State v. Hinton, ___ N.C. App. ___, 823 S.E.2d 667 (Jan. 15, 2019)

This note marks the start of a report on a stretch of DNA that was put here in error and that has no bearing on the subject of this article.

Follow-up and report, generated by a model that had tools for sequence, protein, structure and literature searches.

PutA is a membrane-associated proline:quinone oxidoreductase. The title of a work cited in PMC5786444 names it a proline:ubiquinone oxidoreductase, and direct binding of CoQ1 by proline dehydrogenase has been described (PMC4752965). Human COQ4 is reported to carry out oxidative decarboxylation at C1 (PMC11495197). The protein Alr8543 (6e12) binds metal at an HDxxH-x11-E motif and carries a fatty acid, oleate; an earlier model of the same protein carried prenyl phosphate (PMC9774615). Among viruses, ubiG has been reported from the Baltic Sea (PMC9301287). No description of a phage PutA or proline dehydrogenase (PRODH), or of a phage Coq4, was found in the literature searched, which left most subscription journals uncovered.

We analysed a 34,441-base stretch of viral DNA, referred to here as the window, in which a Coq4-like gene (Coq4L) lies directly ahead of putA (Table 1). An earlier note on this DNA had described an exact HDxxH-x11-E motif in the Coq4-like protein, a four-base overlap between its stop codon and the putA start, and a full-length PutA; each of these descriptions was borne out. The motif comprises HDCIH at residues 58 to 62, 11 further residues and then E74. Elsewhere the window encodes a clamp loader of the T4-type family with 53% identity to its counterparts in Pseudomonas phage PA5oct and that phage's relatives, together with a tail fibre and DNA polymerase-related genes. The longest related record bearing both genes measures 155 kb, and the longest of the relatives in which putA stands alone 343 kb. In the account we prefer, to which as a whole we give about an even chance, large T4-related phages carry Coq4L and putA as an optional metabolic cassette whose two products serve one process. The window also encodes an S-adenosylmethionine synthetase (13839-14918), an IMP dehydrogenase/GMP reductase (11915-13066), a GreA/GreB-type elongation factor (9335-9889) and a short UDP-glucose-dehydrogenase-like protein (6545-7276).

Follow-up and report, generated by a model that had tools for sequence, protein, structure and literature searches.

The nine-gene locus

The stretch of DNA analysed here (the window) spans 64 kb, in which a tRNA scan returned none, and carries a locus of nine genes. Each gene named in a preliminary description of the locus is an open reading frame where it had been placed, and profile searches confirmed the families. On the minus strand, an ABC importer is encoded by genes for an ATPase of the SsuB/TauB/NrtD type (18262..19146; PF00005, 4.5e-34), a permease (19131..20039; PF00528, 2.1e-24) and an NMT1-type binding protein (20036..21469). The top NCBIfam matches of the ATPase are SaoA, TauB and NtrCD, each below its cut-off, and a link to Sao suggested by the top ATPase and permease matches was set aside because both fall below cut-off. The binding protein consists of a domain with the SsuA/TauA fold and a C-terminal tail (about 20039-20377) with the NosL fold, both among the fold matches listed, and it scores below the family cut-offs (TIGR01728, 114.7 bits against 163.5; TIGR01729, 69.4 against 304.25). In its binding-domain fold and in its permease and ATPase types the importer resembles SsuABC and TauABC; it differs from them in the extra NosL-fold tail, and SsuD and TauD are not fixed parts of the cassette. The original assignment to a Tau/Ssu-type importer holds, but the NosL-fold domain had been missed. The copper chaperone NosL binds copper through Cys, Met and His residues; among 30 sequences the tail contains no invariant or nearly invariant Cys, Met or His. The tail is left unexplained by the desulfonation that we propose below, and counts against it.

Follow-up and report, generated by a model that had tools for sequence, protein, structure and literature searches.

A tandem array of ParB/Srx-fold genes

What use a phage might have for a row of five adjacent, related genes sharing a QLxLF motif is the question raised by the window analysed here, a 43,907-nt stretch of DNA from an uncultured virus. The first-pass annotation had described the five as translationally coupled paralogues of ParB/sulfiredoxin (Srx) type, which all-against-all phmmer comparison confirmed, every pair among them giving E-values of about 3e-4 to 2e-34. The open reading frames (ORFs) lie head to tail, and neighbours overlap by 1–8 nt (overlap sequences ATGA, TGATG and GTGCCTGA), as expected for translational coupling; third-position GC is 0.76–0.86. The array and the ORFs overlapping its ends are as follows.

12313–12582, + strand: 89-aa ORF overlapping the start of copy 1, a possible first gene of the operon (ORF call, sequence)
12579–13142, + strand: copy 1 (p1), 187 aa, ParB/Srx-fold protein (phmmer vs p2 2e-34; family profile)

The court held that even if the trial court erred under Blakely by finding the existence of an aggravating factor and sentencing the defendant in the aggravated range, any error was harmless. After the jury found the defendant guilty of two counts of common-law robbery the trial court dismissed the jury and held a sentencing hearing. The State had given timely notice of his intent to prove the existence of an aggravating factor, specifically that during the 10-year period prior to the commission of the offense the defendant was found in willful violation of his conditions of probation (aggravating factor G.S. 15A-1340.16(d)(12a)). At sentencing hearing, the State offered evidence demonstrating the existence of the aggravating factor. Over the defendant’s objection that under the statutes and Blakely the existence of the aggravating factor must be found by the jury, the trial court sentenced the defendant in the aggravated range. The court opined that “Given the standard of proof that applies in this State, it is arguable whether a judgment of a willful probation violation—be it by admission or court finding—is sufficiently tantamount to a “prior conviction” to allow a sentencing judge to use that previous finding as an aggravating factor justifying an increase in the length of a defendant’s sentence beyond that authorized by the jury’s verdict alone consonant with the demands of due process.” However, it found that it need not decide the issue, concluding instead that even if an error occurred it was harmless given the State’s evidence.